- Improved brain health. Your brain on exercise performs so much better. Exercise improves memory, learning, and concentration. Vigorous exercise is a better antidepressant than Prozac. Exercise creates brain-derived neurotrophic factor (BDMF), which is basically miracle grow for your brain. When you exercise, your brain becomes more elastic. Exercise also helps to improve your mood, boost your energy, and reduce overall stress in your body and mind.
- Reduced risk for chronic disease. Exercise does this through several mechanisms. It protects your heart and reduces your risk of heart attack and stroke. It reduces inflammation (the cause of almost every disease of aging). And it balances hormones, therefore reducing breast and other common cancers.
- Enhanced detoxification. Besides stimulating the colon, intense exercise allows your body to release toxins through your skin. It boosts detoxification of environmental chemicals. Vigorous exercise will help you work up a sweat, but gentle exercise keeps your circulation going and flushes out all the toxic fluids that build up in your lymphatic system. Even just lying on your back and putting your legs straight up against the wall for 20 minutes can make a huge difference. If your daily exercise routine doesn’t cause you to sweat profusely, take a steam or infrared sauna, if possible.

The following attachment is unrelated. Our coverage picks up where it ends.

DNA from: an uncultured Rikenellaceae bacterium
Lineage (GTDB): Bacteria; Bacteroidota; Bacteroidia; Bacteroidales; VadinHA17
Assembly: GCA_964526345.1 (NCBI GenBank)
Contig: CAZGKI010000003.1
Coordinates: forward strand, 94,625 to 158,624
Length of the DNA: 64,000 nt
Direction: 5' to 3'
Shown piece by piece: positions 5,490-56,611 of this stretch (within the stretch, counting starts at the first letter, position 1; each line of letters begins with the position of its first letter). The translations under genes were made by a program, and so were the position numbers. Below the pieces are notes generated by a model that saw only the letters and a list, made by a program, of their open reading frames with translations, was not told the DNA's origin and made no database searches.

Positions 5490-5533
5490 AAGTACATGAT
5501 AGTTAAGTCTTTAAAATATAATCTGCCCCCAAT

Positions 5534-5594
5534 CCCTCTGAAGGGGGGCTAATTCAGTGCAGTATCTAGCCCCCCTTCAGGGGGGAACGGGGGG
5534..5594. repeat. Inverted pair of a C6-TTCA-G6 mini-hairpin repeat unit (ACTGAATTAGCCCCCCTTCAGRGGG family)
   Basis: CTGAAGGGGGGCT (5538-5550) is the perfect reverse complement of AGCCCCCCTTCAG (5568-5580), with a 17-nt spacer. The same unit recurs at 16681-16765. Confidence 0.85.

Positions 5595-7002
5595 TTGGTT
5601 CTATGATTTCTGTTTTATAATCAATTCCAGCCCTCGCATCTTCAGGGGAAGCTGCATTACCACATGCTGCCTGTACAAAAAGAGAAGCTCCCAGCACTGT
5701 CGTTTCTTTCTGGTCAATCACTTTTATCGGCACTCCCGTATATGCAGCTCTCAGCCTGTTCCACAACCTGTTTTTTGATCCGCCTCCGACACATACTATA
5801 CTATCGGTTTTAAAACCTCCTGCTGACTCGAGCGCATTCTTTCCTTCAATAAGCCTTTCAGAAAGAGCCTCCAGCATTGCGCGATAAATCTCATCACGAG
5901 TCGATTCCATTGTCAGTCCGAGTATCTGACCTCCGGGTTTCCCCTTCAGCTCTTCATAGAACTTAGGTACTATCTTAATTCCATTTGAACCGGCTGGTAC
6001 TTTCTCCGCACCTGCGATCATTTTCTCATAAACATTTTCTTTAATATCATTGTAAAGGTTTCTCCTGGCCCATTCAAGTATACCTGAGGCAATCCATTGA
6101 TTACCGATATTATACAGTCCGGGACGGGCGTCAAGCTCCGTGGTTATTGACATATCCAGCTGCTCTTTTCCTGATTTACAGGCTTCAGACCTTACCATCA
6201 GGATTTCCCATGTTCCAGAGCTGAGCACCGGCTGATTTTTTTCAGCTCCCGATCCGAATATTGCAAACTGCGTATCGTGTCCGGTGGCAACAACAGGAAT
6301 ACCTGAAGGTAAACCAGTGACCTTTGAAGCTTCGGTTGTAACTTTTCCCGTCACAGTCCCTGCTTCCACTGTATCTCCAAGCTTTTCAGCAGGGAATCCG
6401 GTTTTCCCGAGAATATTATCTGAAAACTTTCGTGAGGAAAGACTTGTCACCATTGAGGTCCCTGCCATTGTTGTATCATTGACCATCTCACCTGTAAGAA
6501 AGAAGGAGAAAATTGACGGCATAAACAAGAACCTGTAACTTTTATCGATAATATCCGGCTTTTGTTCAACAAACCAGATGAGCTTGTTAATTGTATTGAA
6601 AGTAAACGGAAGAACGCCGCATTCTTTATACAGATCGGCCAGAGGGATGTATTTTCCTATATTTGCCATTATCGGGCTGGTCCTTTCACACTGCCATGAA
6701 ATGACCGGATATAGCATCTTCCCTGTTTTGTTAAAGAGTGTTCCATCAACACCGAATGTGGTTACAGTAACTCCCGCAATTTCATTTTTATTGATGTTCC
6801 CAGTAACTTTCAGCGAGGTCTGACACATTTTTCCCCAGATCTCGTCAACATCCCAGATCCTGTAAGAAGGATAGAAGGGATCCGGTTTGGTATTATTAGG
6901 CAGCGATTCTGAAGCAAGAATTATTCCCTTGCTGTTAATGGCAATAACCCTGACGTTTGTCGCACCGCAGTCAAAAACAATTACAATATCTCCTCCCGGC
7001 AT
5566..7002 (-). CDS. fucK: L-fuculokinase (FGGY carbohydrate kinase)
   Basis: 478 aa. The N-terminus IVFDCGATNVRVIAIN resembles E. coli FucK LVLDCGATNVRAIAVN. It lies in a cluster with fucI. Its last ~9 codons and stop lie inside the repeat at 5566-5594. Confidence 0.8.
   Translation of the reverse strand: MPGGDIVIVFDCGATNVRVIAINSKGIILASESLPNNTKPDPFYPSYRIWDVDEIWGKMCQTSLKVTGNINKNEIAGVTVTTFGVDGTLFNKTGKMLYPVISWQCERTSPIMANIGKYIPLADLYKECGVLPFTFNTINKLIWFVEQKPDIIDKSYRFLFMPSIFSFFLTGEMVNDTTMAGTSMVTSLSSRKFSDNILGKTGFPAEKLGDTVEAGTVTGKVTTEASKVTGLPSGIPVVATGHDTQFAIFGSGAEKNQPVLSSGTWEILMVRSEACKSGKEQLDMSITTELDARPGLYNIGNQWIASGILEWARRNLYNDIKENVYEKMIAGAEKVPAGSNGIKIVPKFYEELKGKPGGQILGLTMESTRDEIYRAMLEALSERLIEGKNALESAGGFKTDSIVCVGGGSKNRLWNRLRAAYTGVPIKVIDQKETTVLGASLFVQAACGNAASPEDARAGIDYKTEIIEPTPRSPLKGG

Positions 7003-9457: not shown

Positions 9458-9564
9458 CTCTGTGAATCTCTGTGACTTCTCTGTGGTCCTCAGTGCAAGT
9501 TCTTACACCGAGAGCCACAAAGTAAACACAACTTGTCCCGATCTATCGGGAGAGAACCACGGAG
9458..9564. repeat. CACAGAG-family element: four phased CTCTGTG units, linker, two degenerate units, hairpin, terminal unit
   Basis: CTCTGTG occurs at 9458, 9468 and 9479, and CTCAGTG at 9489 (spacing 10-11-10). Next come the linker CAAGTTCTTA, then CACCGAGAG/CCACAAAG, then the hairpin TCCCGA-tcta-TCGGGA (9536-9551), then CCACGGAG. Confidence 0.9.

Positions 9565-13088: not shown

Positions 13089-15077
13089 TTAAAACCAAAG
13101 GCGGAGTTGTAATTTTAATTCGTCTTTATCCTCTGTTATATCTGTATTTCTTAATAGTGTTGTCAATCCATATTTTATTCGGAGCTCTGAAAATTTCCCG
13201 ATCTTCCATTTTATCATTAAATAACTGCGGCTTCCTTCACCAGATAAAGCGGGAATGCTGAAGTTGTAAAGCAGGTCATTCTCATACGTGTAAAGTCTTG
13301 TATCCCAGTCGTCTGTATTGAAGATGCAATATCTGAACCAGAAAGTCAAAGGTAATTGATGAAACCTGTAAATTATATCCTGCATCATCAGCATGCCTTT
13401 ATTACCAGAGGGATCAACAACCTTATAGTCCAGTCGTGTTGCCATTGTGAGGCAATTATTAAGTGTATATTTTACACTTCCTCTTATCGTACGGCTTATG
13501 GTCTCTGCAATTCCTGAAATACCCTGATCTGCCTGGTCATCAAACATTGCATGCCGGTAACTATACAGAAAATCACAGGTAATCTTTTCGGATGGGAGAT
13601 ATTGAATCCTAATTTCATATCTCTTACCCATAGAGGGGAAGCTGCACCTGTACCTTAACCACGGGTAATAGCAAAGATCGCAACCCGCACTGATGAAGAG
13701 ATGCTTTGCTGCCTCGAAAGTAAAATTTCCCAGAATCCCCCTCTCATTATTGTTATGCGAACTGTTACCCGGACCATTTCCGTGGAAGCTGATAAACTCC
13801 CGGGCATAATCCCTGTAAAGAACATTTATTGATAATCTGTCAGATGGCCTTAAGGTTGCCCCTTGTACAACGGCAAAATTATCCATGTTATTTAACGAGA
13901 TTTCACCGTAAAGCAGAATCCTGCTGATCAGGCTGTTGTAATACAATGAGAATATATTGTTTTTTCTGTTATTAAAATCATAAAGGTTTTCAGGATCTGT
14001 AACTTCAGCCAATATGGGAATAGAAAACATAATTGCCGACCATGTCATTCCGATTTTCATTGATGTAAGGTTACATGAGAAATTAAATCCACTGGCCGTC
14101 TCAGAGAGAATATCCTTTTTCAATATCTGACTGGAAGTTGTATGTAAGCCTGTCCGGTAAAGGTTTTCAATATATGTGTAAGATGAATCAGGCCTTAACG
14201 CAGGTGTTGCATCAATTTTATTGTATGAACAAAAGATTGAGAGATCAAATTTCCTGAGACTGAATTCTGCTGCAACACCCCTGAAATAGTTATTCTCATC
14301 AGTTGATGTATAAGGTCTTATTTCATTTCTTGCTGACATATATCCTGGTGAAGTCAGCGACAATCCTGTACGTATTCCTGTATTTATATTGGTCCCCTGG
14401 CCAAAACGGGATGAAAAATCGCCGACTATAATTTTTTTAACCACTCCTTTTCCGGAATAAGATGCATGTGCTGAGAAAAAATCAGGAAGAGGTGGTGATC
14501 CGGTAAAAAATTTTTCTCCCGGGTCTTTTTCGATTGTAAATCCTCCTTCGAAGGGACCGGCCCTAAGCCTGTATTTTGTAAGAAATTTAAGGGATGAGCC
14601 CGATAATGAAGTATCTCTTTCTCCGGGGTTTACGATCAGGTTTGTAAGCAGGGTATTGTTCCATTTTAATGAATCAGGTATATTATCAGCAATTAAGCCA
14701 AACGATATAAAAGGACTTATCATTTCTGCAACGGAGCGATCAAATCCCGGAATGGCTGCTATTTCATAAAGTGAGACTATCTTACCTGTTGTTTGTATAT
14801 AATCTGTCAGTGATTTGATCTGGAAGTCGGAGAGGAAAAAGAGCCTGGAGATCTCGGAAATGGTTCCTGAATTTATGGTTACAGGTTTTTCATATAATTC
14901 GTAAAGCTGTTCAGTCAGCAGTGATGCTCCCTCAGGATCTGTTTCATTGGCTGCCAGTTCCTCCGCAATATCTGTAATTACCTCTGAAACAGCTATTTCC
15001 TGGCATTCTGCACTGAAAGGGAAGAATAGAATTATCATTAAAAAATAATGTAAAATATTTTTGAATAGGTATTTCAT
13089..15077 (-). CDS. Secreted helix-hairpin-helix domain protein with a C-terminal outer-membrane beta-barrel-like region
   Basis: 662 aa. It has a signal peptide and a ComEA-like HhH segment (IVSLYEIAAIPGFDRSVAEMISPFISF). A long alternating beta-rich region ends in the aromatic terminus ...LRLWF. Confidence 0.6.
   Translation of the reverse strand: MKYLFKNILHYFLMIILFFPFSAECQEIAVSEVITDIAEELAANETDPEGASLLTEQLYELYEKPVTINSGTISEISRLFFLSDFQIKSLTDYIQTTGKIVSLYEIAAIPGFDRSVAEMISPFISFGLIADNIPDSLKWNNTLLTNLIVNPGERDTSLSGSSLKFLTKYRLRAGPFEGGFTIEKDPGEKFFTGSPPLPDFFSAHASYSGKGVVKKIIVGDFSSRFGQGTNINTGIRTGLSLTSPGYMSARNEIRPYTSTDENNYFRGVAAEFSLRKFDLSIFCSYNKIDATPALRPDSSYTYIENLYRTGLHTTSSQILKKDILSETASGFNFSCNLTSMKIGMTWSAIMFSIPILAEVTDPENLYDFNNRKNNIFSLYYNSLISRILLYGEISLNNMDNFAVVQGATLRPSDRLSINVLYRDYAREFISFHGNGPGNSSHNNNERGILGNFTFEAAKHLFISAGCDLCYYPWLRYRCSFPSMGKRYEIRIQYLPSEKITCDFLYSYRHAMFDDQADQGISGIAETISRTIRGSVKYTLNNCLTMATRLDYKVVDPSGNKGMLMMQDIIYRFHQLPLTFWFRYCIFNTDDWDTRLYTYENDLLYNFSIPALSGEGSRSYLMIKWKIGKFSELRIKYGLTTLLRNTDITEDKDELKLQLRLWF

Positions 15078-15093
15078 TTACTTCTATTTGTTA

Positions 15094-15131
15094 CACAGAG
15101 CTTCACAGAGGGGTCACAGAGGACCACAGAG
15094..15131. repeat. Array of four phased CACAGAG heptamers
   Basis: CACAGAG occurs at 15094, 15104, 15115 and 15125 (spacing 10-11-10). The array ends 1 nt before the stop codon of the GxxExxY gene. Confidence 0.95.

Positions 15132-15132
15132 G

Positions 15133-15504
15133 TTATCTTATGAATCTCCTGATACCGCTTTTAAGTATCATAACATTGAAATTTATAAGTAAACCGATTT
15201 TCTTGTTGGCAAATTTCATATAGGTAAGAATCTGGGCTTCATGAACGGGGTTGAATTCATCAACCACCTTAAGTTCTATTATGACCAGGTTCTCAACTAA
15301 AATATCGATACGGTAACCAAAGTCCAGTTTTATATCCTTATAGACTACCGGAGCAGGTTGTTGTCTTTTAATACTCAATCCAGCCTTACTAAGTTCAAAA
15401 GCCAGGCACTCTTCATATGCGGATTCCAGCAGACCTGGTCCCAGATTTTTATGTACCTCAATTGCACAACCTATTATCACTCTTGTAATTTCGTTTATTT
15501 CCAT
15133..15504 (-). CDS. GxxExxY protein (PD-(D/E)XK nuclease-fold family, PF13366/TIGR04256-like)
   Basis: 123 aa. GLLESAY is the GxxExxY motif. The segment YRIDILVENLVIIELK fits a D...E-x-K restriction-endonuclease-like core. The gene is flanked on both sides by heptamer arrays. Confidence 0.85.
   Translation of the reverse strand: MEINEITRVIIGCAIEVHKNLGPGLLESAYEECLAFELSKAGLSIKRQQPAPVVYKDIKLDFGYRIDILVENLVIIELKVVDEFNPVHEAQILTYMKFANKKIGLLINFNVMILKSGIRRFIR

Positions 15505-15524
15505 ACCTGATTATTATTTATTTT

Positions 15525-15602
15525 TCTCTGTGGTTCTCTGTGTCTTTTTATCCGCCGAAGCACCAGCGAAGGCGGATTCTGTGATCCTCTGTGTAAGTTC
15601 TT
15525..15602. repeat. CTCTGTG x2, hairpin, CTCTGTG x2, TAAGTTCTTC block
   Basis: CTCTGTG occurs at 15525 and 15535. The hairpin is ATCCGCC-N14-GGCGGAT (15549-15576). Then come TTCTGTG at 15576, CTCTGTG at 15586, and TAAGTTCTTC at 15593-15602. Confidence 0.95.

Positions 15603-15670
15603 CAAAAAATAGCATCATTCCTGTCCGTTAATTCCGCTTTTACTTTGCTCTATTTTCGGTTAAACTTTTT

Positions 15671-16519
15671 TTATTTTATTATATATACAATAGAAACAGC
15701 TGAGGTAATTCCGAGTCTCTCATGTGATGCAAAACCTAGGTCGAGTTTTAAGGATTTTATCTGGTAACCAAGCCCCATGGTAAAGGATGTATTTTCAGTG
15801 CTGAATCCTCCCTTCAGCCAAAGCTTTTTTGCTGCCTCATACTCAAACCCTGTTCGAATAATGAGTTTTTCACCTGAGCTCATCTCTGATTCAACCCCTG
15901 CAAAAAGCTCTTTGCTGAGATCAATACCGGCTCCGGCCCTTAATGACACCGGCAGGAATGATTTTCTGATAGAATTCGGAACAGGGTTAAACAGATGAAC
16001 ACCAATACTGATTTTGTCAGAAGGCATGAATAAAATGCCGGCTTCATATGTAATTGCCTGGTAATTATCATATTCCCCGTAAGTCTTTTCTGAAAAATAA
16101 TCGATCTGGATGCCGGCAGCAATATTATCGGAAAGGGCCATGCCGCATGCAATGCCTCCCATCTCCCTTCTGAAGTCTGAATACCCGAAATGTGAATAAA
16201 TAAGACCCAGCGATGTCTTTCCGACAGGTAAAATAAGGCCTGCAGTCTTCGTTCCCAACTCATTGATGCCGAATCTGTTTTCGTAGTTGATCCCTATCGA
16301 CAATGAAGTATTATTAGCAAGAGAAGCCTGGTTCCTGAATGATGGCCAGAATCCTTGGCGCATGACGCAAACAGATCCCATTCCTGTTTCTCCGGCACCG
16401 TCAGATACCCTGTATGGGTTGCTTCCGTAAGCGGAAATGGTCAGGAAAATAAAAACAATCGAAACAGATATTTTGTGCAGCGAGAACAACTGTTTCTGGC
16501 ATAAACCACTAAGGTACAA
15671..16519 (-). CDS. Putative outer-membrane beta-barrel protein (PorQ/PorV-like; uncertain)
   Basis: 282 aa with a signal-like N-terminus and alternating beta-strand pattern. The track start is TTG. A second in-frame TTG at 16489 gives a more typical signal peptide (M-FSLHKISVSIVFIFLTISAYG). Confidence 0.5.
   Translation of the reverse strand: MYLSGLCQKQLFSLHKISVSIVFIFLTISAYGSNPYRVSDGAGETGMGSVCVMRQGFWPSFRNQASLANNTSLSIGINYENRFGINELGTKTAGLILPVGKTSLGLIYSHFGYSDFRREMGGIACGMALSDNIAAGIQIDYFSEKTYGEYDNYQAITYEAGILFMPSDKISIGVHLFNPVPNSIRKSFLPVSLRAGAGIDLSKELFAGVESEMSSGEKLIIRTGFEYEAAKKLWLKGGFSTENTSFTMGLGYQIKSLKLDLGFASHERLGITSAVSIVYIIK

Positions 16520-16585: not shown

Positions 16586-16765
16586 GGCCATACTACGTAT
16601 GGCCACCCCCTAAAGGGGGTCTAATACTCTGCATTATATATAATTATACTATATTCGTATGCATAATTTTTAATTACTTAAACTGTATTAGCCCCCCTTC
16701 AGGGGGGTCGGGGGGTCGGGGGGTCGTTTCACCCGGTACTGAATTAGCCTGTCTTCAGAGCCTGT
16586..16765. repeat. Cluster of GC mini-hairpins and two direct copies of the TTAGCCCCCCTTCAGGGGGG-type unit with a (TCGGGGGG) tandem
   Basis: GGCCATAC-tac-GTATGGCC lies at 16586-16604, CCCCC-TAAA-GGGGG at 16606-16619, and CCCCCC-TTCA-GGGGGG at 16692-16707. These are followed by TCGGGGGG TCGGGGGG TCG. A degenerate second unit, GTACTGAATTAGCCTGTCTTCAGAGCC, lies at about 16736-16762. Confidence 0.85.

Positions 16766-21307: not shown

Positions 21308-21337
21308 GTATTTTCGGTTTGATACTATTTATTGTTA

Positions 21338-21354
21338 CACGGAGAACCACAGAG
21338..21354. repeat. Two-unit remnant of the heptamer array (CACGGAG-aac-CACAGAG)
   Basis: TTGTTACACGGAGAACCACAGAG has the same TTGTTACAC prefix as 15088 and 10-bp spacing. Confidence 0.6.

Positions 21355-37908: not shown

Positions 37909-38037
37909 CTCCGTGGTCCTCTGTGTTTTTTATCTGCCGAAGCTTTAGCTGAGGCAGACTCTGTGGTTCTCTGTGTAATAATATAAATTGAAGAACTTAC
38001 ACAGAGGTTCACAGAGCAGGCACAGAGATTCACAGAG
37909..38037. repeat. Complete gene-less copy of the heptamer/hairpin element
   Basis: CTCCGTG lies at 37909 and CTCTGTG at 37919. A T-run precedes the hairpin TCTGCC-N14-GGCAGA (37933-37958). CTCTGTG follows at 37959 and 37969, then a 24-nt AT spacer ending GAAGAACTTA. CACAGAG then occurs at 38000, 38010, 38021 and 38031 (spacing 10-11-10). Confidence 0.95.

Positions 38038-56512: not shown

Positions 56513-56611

- Slowed aging process. If you want to turn back the clock figuratively, exercise becomes absolutely crucial. I will never forget a movie I saw in my 8th grade gym class about Larry Lewis. He would run five miles back and forth to work every day at (are you ready for this?) 105 years of age!.